Published in Gaming

Activision Blizzard under fire

by on26 August 2021

Anti-discrimination case gets deeper and nastier

 California has expanded its anti-discrimination lawsuit against Activision Blizzard, adding temporary workers to the female full-time employees of whom it is suing on behalf.

The state's Department of Fair Employment & Housing also alleges the game maker has interfered with its investigation.

An amended complaint was filed Monday and redefines the "group" it says was wronged by the gaming giant.

California's protections against anti-harassment, equal pay and other equal employment opportunity protections "exist for employees and contingent or temporary workers". Throughout the lawsuit, the word "employees" has been changed to "workers" in reference to harassment, sex discrimination regarding pay and other allegations.

The DFEH said that Activision Blizzard laywers are flat out trying to stop workers talking to the authority using NDAs which require employees to speak with the company ahead of contacting the DFEH.

The suit claims that this "directly interferes" with DFEH's ability to "investigate, prosecute, and remedy workplace discrimination and harassment violations on behalf of employees and contingent or temporary workers".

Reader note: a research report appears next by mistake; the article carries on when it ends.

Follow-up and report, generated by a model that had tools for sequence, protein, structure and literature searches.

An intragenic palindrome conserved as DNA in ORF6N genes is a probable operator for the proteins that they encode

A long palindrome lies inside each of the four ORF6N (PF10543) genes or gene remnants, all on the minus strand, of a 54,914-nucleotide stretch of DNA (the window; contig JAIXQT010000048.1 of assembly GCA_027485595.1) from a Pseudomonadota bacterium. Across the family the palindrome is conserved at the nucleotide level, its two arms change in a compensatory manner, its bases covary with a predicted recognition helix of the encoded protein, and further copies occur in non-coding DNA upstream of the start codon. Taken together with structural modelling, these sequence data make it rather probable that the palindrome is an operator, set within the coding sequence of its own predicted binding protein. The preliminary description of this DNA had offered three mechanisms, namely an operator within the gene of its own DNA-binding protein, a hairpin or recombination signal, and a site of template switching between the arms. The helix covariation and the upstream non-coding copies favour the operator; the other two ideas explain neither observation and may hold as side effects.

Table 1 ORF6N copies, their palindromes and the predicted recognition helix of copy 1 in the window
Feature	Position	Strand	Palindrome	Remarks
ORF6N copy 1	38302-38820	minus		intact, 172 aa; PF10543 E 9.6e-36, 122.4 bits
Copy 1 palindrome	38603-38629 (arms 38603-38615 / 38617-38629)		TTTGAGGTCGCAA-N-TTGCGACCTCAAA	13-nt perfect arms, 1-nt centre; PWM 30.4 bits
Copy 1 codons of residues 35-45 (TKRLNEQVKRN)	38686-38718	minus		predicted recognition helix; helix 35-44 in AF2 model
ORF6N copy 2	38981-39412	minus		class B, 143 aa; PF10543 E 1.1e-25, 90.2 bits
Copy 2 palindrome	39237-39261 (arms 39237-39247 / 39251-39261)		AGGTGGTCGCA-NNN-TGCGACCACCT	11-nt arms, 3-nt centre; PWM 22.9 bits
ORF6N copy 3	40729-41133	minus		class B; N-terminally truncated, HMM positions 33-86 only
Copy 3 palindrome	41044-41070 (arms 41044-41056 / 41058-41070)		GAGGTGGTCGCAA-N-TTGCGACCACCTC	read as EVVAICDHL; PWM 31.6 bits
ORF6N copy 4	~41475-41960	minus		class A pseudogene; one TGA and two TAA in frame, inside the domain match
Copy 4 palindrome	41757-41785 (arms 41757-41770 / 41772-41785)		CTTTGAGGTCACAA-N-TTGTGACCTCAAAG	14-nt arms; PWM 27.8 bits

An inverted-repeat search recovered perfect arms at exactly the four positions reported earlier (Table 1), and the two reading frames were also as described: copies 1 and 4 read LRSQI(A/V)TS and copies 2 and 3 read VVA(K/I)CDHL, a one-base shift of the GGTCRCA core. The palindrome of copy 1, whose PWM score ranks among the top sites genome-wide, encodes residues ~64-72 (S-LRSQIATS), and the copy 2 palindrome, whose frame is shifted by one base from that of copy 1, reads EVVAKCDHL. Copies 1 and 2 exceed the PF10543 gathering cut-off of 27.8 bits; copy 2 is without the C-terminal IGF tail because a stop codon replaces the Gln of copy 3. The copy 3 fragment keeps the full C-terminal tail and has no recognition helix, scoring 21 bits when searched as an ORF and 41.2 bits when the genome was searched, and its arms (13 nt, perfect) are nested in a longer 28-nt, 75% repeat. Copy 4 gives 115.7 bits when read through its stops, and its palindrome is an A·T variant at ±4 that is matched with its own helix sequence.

It alleges, in part, that "documents related to investigations and complaints were shredded by human resource personnel" in violation of what it asserts is the game company's legal obligation to retain them pending the investigation.

A spokesperson for Activision Blizzard said that the company has "complied with every proper request in support of its review even as we had been implementing reforms to ensure our workplaces are welcoming and safe for every employee".

"With regards to claims that we have destroyed information by shredding documents, those claims are not true. We took appropriate steps to preserve information relevant to the DFEH investigation", the spokesperson added. "We have provided the DFEH with unmistakable evidence that we do not have gender pay or promotion disparities. Our senior leadership is increasingly diverse, with a growing number of women in key leadership roles across the company."

California sued the video game studio last month over allegations of gender discrimination, sexual harassment and potential violations of the state's equal pay law.


Last modified on 26 August 2021
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